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State regulators ban bee-killing pesticides on sensitive trees

The Oregon Department of Agriculture is restricting the use of two pesticide ingredients implicated in the deaths of more than 50,000 bumble bees earlier this year.

The restrictions apply to the pesticide ingredients dinotefuran and imidicloprid. Officials say they believe those ingredients – when sprayed on trees that have their own natural toxicity – become fatally toxic to bees and other pollinators.

To prevent more bee kills, Oregon is prohibiting the use of products containing those two ingredients on linden trees, basswood and other Tilia species that have similar natural toxins. The products will have to be labeled with the restriction before they can be sold in Oregon.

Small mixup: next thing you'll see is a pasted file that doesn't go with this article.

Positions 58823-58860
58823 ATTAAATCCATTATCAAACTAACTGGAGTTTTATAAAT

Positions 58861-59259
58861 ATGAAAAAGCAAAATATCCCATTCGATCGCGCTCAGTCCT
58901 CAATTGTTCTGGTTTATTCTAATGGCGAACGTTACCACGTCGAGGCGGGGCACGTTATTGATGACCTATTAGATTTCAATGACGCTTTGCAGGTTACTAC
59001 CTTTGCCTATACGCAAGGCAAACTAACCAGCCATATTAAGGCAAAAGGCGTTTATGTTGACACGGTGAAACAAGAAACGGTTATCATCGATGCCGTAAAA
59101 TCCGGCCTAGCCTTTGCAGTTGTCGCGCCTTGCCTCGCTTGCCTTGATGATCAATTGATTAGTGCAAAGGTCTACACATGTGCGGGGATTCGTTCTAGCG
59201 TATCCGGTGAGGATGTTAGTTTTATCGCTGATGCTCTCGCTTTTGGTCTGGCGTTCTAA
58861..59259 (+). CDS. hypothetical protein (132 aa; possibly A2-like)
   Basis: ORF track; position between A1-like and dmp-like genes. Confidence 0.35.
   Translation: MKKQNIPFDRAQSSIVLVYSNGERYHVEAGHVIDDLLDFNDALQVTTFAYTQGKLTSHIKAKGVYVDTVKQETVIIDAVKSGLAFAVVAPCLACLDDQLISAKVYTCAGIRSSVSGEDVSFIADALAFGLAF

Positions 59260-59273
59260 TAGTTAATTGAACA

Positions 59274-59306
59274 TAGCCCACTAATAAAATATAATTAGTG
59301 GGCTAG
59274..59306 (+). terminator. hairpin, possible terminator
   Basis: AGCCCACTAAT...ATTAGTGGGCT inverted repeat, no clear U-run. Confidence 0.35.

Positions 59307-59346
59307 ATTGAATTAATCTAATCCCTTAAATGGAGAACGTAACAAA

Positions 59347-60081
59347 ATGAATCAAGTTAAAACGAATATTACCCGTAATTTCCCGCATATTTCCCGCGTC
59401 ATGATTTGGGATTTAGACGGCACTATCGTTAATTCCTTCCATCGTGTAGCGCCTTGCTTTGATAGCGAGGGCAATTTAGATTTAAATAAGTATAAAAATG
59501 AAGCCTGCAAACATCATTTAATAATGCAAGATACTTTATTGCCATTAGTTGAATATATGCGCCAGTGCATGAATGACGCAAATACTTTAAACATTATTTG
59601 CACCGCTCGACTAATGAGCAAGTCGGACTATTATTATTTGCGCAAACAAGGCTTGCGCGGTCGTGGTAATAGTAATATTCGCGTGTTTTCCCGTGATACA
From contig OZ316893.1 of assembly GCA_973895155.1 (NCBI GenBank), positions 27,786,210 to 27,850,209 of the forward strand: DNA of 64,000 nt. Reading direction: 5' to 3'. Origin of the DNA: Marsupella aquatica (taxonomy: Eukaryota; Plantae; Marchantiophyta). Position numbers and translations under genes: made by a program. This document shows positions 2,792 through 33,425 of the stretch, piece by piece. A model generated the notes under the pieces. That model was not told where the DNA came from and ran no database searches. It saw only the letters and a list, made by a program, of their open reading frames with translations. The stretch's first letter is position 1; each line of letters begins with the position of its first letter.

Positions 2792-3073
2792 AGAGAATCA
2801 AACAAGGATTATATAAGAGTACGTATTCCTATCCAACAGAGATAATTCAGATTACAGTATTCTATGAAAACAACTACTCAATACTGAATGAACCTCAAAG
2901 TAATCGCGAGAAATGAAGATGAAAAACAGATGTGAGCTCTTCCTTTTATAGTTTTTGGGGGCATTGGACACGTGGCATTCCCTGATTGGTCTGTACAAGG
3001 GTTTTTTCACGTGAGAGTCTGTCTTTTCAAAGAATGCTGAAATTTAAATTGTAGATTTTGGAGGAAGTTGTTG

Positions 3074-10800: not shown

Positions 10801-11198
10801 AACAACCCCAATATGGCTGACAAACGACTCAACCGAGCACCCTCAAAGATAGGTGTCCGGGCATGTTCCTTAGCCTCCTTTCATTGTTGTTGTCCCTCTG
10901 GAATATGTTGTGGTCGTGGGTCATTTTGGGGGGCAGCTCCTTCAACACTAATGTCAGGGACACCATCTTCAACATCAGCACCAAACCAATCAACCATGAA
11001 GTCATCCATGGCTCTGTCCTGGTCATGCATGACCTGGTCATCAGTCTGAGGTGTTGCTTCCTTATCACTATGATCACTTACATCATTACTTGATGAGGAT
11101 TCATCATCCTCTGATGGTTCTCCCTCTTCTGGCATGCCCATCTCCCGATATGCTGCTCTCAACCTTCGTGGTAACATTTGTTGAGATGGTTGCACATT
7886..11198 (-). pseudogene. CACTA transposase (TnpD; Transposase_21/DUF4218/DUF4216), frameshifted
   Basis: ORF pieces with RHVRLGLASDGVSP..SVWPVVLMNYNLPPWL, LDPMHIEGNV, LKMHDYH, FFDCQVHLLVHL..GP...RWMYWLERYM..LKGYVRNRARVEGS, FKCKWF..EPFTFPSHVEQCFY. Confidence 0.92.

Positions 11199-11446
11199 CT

Oregon the first state to take such a step, says Oregon Department of Agriculture spokesman Bruce Pokarney. His agency is also asking the Environmental Protection Agency to consider similar restrictions nationwide.

“We’re the state that experienced the massive bee deaths this summer,” he says. “We think this is a well-reasoned approach to at least trying to mitigate the circumstances that led to the bee deaths.”

ODA also is launching a public education campaign to protect pollinators, and it will emphasize the issue in the required testing and re-certification process for licensed pesticide applicators.

Dinotefuran and imidacloprid are classified as neonicotinoid pesticides, which are controversial because some studies show they are toxic to bees.